Wednesday, October 1, 2014

First Look at CineStill bwXX

CineStill recently had a stock of 2,000 roles of Eastman Double-X movie film (which CineStill calls bwXX) loaded into 35mm canisters. I bought three.

The Philadelphia Museum of Art.
I shot the first roll at EI 250 on a very bright, cloudless afternoon. I also did a few shots in late afternoon with strong light. The film was shot through a Leica M6TTL with a 50mm Summicron, using the internal light meter. No lens filter was used. I developed it in HC110 dilution B for 6 minutes at 68 degrees (fahrenheit). The negatives were scanned on the Epson V600.

Negative scanning is not the best method for evaluating a film. But then again, neither is the web. Until I can print it, I can only comment on how it looks scanned compared to Tri-X and Arista Premium. And it looks pretty good.

Reading in the afternoon sun.
For my second roll, I will either switch developers (D-96 is recommended, but I couldn't source it anywhere), reduce the time, or shoot it at EI 400. The negatives are rich, but maybe a little too rich. (I may change my mind when I print the negatives.)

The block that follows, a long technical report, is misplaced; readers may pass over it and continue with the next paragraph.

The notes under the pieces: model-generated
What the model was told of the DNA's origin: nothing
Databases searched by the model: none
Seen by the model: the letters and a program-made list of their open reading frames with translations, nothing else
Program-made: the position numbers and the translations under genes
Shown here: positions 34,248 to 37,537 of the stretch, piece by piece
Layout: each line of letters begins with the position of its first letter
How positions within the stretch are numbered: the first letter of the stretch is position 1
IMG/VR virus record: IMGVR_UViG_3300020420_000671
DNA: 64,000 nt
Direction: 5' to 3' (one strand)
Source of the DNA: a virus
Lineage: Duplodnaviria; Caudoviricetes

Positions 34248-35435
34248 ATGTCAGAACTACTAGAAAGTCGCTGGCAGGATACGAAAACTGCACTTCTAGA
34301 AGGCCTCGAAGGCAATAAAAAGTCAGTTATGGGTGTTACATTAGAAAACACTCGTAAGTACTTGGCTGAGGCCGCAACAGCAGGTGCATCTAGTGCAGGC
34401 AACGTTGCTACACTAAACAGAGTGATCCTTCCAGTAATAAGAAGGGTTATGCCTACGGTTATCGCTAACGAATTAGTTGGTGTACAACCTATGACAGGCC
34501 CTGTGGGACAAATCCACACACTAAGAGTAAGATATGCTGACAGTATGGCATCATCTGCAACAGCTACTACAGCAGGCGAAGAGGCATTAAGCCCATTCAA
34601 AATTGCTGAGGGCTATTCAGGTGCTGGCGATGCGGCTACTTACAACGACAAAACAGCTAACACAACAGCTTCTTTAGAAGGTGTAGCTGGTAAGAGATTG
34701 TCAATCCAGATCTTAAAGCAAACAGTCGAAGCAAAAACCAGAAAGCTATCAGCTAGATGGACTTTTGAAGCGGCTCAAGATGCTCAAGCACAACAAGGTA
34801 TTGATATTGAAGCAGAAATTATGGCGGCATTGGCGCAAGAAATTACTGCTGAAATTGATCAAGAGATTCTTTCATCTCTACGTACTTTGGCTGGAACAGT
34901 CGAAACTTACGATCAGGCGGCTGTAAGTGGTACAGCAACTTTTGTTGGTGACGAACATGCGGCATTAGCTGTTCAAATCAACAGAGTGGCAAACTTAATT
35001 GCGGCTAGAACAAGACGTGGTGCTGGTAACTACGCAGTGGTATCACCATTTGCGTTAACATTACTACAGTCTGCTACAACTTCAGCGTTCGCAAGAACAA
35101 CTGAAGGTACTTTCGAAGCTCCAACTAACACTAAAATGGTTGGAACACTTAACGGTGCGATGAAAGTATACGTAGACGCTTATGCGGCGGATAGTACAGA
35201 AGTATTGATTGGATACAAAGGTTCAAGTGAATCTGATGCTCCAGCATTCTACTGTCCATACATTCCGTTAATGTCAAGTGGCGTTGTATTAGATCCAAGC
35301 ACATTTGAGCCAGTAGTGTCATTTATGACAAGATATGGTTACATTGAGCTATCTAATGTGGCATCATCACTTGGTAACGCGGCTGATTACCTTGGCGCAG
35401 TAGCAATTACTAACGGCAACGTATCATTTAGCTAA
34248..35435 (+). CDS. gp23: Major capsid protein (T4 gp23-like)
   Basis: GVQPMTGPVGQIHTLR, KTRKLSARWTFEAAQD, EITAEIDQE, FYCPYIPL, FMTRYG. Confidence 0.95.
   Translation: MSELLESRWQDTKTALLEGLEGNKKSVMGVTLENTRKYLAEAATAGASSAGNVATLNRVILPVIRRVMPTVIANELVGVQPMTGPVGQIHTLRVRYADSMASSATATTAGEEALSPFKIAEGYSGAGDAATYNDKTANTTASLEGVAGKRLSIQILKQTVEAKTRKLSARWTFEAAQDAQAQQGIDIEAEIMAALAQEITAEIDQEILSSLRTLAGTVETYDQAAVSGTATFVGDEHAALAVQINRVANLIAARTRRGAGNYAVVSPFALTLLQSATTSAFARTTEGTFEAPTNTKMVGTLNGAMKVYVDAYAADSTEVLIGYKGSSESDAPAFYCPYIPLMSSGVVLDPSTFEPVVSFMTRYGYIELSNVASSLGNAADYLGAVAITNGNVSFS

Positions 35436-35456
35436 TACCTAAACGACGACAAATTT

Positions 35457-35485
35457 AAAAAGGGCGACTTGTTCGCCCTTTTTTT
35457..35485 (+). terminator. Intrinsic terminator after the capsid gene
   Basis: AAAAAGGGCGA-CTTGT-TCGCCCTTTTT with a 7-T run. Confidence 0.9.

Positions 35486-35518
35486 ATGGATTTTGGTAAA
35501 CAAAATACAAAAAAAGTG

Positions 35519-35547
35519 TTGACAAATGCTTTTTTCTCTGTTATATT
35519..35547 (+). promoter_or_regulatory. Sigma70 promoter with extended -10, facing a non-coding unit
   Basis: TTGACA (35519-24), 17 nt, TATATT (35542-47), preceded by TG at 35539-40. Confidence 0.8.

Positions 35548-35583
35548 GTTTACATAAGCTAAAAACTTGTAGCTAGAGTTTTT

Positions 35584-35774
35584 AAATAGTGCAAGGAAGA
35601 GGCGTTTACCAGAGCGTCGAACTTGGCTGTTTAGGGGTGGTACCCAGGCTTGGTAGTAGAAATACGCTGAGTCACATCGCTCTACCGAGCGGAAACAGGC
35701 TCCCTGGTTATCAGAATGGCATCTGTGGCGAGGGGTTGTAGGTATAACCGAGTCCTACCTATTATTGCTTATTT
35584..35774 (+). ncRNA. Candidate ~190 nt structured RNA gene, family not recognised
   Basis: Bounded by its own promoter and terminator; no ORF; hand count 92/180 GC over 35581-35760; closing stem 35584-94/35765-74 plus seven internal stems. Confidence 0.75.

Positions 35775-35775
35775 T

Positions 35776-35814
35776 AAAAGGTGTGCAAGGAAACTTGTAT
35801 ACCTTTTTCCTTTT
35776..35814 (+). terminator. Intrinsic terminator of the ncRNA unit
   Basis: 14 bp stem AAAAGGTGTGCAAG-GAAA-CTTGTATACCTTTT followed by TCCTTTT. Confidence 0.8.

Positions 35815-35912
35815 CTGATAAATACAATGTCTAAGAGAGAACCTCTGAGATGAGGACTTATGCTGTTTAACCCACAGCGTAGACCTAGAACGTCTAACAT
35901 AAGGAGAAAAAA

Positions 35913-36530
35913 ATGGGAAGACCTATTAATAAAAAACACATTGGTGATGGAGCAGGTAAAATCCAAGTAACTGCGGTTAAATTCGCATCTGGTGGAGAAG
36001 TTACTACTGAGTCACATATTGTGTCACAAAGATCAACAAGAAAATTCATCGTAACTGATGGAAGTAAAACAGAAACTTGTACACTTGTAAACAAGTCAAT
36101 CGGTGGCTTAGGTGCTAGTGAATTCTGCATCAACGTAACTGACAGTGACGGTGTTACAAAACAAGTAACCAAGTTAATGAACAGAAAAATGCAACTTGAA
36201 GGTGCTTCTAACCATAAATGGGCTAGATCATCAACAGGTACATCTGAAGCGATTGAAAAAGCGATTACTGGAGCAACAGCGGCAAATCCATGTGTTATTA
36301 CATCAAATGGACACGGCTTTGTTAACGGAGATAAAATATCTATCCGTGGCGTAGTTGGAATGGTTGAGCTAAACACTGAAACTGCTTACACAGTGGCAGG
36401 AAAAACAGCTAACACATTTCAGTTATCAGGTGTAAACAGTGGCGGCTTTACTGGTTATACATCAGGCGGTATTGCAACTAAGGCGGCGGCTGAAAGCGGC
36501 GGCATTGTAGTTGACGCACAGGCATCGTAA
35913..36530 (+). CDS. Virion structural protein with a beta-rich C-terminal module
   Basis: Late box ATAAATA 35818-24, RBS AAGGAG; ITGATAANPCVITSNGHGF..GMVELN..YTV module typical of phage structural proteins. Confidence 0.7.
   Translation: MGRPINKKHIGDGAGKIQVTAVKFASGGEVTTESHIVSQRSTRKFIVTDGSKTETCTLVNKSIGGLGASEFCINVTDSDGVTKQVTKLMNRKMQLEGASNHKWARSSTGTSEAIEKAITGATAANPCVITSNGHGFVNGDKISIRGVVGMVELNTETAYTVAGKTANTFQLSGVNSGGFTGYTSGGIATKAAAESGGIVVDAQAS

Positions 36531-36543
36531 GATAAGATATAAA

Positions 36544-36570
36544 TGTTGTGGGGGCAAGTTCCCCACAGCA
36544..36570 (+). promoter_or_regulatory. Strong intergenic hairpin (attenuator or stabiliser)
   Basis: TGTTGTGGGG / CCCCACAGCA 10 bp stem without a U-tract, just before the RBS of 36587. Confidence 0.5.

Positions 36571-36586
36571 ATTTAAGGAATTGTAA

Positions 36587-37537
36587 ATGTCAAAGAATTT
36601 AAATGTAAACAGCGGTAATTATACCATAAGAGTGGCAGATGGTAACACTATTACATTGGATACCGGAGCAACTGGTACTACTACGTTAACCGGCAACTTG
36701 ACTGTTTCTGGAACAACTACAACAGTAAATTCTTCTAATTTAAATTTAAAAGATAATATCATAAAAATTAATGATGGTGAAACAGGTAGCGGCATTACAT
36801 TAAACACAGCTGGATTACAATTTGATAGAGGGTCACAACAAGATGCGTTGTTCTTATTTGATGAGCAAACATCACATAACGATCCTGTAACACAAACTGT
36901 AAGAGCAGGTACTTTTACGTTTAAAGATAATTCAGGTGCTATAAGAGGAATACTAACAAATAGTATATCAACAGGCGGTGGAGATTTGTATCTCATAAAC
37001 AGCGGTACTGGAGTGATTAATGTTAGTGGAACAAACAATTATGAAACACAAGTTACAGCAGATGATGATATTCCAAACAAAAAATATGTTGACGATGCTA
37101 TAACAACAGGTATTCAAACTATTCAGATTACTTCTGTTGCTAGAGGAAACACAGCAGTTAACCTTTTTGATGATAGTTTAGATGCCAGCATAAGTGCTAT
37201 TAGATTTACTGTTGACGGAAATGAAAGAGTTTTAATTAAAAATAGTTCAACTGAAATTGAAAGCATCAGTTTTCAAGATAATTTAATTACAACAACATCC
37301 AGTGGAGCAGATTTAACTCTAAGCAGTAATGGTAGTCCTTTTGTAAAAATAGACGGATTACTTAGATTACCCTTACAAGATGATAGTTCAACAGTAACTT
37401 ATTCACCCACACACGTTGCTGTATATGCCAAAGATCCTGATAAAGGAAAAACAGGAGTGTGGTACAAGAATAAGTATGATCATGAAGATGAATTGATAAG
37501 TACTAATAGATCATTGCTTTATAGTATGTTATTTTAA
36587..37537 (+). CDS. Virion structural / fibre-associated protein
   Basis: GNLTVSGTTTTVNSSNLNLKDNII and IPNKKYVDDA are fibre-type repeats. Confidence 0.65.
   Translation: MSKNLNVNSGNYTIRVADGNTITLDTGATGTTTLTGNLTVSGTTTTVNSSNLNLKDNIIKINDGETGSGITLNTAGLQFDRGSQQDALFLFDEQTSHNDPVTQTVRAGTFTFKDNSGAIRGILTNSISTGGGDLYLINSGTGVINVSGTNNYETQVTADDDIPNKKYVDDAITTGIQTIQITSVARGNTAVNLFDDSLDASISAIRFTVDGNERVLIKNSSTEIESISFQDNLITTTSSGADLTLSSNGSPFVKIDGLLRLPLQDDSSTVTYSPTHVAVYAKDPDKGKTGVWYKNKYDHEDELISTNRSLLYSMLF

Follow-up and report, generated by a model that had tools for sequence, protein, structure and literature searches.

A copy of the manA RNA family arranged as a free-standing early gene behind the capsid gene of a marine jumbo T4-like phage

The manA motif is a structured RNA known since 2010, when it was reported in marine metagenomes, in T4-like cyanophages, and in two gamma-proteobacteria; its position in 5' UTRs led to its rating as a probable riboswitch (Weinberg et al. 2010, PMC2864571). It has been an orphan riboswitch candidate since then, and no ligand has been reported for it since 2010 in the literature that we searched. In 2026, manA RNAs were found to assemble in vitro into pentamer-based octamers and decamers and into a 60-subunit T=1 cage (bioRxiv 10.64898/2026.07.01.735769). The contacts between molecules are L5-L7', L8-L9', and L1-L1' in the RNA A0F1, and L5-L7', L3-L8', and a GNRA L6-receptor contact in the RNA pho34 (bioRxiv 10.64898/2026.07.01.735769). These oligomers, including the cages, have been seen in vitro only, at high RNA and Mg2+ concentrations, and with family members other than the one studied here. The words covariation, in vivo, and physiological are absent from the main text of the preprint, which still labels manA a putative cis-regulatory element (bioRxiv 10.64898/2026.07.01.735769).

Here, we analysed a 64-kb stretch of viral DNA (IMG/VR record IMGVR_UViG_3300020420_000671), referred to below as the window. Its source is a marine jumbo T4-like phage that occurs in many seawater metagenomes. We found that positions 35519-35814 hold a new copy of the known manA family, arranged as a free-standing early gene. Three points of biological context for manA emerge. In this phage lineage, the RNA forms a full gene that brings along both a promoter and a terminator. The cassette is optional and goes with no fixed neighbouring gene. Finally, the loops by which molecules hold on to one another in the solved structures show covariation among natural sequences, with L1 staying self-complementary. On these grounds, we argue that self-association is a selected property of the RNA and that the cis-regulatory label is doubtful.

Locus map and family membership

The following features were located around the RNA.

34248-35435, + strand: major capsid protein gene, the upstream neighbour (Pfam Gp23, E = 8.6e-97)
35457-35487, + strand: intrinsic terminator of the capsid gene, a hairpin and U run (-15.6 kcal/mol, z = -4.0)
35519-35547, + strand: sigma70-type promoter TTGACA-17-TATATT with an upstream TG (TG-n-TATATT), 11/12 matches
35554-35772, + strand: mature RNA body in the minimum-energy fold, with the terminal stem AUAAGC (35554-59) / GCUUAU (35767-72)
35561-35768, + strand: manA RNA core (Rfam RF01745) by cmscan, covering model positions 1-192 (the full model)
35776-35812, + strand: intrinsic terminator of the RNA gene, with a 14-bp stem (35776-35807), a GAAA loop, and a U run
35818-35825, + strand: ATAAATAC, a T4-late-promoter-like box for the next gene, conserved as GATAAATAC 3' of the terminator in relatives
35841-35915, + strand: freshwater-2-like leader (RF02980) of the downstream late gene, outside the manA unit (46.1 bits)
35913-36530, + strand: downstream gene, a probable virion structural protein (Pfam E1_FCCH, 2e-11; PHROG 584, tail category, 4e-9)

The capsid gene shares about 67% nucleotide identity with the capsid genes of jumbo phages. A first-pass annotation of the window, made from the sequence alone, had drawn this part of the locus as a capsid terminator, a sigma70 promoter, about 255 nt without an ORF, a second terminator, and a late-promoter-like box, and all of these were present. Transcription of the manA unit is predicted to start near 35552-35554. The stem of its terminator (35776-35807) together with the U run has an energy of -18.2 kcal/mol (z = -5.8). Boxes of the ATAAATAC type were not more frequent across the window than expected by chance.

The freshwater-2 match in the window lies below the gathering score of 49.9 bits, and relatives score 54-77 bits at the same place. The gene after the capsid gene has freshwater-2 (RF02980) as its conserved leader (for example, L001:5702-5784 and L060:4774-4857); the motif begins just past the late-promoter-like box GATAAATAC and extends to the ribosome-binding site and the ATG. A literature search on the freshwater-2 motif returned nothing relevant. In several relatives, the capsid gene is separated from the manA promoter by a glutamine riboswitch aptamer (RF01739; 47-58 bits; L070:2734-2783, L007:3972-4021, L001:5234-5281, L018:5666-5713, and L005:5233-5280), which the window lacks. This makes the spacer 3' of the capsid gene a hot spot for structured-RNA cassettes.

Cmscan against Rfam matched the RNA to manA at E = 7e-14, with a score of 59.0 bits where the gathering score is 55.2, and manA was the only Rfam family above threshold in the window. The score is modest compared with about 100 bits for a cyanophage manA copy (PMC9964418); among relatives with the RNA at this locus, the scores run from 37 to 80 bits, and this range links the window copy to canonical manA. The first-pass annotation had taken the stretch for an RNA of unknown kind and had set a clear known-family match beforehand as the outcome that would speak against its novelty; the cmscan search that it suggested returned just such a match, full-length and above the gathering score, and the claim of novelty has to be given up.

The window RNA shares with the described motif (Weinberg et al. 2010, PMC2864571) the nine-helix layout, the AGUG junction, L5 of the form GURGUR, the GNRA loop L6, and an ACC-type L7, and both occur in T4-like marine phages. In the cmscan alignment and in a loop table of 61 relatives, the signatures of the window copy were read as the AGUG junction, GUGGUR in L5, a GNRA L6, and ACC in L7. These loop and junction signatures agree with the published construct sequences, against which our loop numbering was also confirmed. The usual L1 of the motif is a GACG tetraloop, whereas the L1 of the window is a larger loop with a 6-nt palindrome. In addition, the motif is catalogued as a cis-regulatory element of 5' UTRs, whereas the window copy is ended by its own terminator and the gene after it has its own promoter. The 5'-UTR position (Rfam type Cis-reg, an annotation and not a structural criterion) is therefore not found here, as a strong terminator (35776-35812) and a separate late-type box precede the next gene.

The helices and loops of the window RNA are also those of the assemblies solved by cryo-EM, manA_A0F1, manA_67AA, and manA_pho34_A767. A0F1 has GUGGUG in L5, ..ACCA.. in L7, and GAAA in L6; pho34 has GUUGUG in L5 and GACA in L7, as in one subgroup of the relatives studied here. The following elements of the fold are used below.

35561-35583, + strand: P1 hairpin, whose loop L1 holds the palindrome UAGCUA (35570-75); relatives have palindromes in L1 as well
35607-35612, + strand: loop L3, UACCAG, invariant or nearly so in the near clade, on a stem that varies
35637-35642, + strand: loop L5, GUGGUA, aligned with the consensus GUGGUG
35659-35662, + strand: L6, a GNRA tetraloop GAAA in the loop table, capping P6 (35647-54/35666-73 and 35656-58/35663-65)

The famous steps from the Rocky movie.
Even looking a bit overexposed, the film has great qualities to it. The grain is beautiful and smooth, and detail was held in both the highlights and shadows even in the extremely bright and contrasty light. The tones are rich, and definitely look nothing like a modern film. (The film has changed very little in the past 60 years.) The closest comparator I know would be Ilford's XP2 (which is a dye based emulsion) when printed on black and white paper.

The tower of Bryn Athyn Cathedral. 
My first impressions of this film are very positive, and I wish I didn't have to be so frugal with each shot. Finding the right EI and developer times are clearly key to getting the most out of this film, and that will be impossible with only two rolls left.

I hope CineStill restocks this film. (Otherwise, I might be stuck buying 400 foot rolls from Kodak!) I also hope that it performs well at 400, since shooting outdoors on bright and sunny days is more of a luxury than a common venue for me. Can't wait to see what the next couple of rolls provide!

Bryn Athyn Cathedral in the late afternoon.